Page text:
251: Vermonters of All Ages Warm Up With Free Skating and Camaraderie in Cabot | Outdoors & Recreation | Seven Days | Vermont's Independent Voice

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251: Vermonters of All Ages Warm Up With Free Skating and Camaraderie in Cabot


Published February 2, 2022 at 10:00 a.m.

The community ice rink in Cabot - JEB WALLACE-BRODEUR
  • Jeb Wallace-Brodeur
  • The community ice rink in Cabot

Mekiah Smith and two college friends hung out on the Cabot Common in Smith's hometown on a recent single-digit Saturday. If it seemed too cold to be chitchatting outside, it probably was. But Smith and her friends had an advantage. The students at Craftsbury's Sterling College were moving while they talked, skating in arcs and circles on a DIY rink that, every winter, transforms a corner of the common into a slick space for recreation and camaraderie.

Smith, 18, grew up skating on the common rink, she said, so it felt natural to bring her friends there on a visit home. For 10 years, she's joined family and friends on the crew that constructs it. The rink is across the road from the United Church of Cabot and Cabot School, which serves about 165 pre-K to 12th-grade students.

"I love having a skating rink in the middle of Cabot," Smith said. "It's always a great place for people to come together."

  • Sally Pollak ©️ Seven Days
  • Mekiah Smith

Her friend Luisa Marion-Rouleau, who grew up in Amherst, Mass., was an instant fan. "I think it's awesome," she said. "I wish I had this in my town. I've always liked small-town vibes."

Though not always an annual tradition, creating a skating rink on the Cabot Common dates back many decades. Dairy farmer Walter "Skip" Bothfeld Jr., 69, recalled noontime skating on school days after he and his classmates ate lunch.

Back then, members of the volunteer Cabot Fire Department took charge of making the rink, Bothfeld said. They'd plow up a piece of the common and spray a little water into it every night for about a week. The first coating would freeze up the sides to hold the banks in place.

"You would think you could dump a load of water in it," said Bothfeld, who has served on the volunteer fire department since 1984. "But you're better off with a light spraying half a dozen times before you get ice of any value."

Constructing the rink has become more elaborate in recent years; Susan Socks has organized the volunteer effort for the last decade. Socks, 47, moved to Cabot with her husband and two kids in 2007. A former competitive figure skater and skating coach, she runs Socks Family Farm, raising fruit, lambs and chickens, and is a gardening consultant.

Each year, volunteers haul out of storage the wooden frame that borders the 76-by-53-foot rink. They line it with a 150-pound sheet of agricultural-grade plastic; the town buys a new one every year.

"If it has even the slightest pinhole in it, it'll slowly leak while you put water in," Socks explained.

It takes about four hours to fill the rink with water, using a nearby hydrant and hose. Throughout the season, folks patch cracked ice with slush and occasionally resurface the rink using a controlled drip method.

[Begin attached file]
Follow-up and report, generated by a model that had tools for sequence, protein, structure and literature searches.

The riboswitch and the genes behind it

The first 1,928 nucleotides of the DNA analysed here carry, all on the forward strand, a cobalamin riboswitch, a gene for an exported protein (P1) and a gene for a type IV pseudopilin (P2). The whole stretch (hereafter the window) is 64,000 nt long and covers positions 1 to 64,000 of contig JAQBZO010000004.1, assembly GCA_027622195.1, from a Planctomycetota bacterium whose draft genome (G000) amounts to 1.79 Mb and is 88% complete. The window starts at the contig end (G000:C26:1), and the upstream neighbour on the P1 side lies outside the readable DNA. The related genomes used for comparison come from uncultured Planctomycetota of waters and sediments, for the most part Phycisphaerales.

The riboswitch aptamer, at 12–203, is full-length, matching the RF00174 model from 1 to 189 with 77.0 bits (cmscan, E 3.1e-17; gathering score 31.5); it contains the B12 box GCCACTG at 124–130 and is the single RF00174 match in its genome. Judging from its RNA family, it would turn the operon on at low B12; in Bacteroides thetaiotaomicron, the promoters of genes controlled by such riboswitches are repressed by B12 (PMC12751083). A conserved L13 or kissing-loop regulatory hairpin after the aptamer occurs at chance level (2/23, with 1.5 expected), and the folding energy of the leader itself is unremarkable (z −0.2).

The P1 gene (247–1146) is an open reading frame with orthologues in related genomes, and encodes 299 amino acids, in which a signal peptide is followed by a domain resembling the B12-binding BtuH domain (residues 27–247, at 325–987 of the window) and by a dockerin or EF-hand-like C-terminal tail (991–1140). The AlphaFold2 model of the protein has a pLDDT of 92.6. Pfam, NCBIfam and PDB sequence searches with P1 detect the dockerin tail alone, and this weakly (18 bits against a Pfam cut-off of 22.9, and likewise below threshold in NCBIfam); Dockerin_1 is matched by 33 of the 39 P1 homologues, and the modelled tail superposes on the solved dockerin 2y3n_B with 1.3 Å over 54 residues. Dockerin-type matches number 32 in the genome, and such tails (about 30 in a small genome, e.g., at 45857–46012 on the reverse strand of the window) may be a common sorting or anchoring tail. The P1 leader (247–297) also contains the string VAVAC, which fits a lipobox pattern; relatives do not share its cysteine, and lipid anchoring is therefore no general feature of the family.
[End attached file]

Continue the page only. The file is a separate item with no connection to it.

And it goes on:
Socks keeps a shed at the edge of the rink stocked with donated skates in a range of sizes, which are free for anyone to use. There are milk crates for beginners to use for balance, as well as hockey sticks and nets. A collection of shovels stands at the ready for clearing the ice.

Three middle school students handle this task on weekday mornings. Sam Churchill, 14, an eighth grader, heads up the crew through a project called Cabot Leads, in which students are responsible for a school or community job.

Churchill is on the gardens and grounds crew — a good fit for him because he starts his day with early morning chores at Wonder Why Farm, his family's 250-cow organic dairy.

"I have a sister who's a fifth grader," Churchill said. "We go to the barn. She feeds the calves. I scrape 'em, bed 'em, hay 'em, make sure they're happy."

  • Jeb Wallace-Brodeur
  • Susan Socks

At school, rink maintenance is Churchill's first activity during a flexible block of time called "learning lab." If it's zero degrees out, he shrugs it off. "We'll just dress properly," Churchill said. He values being outside "with a purpose" and said it's "a good feeling to know that you're playing a part in the community."

The work includes organizing the skate shed, clearing ice with a big shovel, going over the edges with a smaller shovel, and sweeping up ice chips and powder. If evening skaters have littered or left skates strewn about, Churchill and his schoolmates clean up.

"You get into a groove, and you get the work done," Churchill said. "And you get back into class, and you're more calm and ready to start class."

Aedan Scribner, 30, who attended Cabot School, is an avid and delighted rink user. Scribner often goes skating with her first grader, Zelda, when she picks her up from school. She calls the rink in the center of her hometown "an incredible fixture" and thinks it's beautiful that middle schoolers help take care of it.

A farmer who raises vegetables and Nigerian dwarf goats, Scribner has been skating with Zelda since her daughter was 2.

"I like the fact that it doesn't matter who you are and what you have," Scribner said. "Regardless of economic stature, you can skate there. It's such an accessible resource."

She's on the ice when adults play hockey, and she sees middle schoolers skating with first graders. "Anyone can go, and everyone does seem to go," Scribner said.

Scribner sometimes skates at night, by herself. "It's so peaceful," she said. "And it glows."

The original print version of this article was headlined "Ice Time"

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